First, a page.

JETBLUE AIRWAYS: GROWING PAINS I. Introduction A. Executive Summary 1. Summary statement of the problem: JetBlue Airways was a fairly new airline that was going up against such airlines like Southwest, AirTran, and Delta. Started in 1999, JetBlue Airway was able to turn profits fairly quickly; in 2001 the company had profits of $38.5 million (George & Regani, 2008, 20-4). From there on it seemed that the company would continue to be profitable especially with expansions in the works; moving into areas that competitors ignored, ordering more planes, expanding to the west coast, and building a new terminal at JFK. However, due to various external and internal factors the company once again posted losses in 2005 and 2006. 2. Summary statement of the recommended solution: The problem is that JetBlue is expanding too fast and too soon to keep up. The company needs to slow their growth so that the company can keep up with the pace. Furthermore, the company needs to continue to do what the company does best; superior customer service, low fares, short-to-medium routes instead of offering what the competitors are doing. This is lessening JetBlue’s differentiation from other companies creating just another option for customers. Finally, JetBlue needs to continue to make cuts as outlined in the Return to Profit plan so that the company reduces expenses. B. The Situation JetBlue Airways was a low-cost carrier that was founded in 1999 by David Neeleman. JetBlue was able to become competitive by offering passengers low fares and several value-added services such as leather seats, snacks instead of full meals, and free personal satellite television. JetBlue’s success was due to a variety of reasons. For one thing, JetBlue mainly used secondary airports targeting a market that other airlines missed. Furthermore, JetBlue used Airbus A-320 airplanes instead of Boeing 737s which ended up saving money because of maintenance and they were more fuel-efficient. Also, JetBlue created a family-like work culture that helped their workforce to have a positive attitude thus giving customers superior customer service.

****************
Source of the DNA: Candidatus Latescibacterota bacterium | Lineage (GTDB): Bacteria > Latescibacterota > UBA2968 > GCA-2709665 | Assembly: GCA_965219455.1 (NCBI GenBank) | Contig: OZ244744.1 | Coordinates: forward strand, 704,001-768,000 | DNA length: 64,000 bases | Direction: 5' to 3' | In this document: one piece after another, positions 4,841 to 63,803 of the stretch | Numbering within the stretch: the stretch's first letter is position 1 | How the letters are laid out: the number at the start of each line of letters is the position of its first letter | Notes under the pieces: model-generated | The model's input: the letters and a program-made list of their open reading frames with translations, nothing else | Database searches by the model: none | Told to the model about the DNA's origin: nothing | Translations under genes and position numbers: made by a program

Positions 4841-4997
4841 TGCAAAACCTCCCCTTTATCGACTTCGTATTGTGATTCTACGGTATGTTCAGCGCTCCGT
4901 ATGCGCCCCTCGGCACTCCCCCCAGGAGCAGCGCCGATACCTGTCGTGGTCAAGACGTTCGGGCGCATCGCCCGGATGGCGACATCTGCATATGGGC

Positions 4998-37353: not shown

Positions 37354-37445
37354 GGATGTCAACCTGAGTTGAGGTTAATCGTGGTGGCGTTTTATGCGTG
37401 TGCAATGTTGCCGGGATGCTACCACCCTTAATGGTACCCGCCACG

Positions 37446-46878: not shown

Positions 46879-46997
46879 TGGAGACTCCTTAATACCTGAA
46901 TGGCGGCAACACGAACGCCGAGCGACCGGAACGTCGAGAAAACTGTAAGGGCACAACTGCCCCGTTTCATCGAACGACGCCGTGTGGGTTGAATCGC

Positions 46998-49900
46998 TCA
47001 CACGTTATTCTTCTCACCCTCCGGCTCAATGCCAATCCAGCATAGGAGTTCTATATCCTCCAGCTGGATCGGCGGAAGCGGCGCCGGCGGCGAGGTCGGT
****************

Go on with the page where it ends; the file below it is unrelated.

Potential Analysis of Jet Blue: A Case Study
747 WordsFeb 3rd, 20183 Pages
Its main base is JFK international airport in Queens, NY. The airline's main destinations are U.S. hubs, flights to the Caribbean and Bahamas, and some to Central and South America. It is a non-union airline with a fleet of just under 200 craft, with another 50 ordered. The primary strategy for Jet Blue is the customer value proposition. The airline is not fancy, does not try to offer a number of amenities, only has a few routes, and is primarily trying to base ridership on low-cost fares. Revenue for 2011 was $4.5 billion, with operating income of $322 million and net income of $86 million. The company has a total of over $7 billion in assets showing that 2011 was a good year for the airline, even though revenues were slightly lower than the previous year (Jet Blue Annouces 2011 Annual Profit, 2012).
Part 2 Resource Analysis- The company uses unit level activities and manages these by choosing to maintain high aircraft utilization (operating a single aircraft type with a single class of service) and direct booking services save computer reservation fees (use of www.jetblue.com) which lowers operating costs. It uses batch level resources by using a uniform type of aircraft, in which the staff need only become an expert once not many times over.
Part 3 External Environment - Airlines, particularly smaller…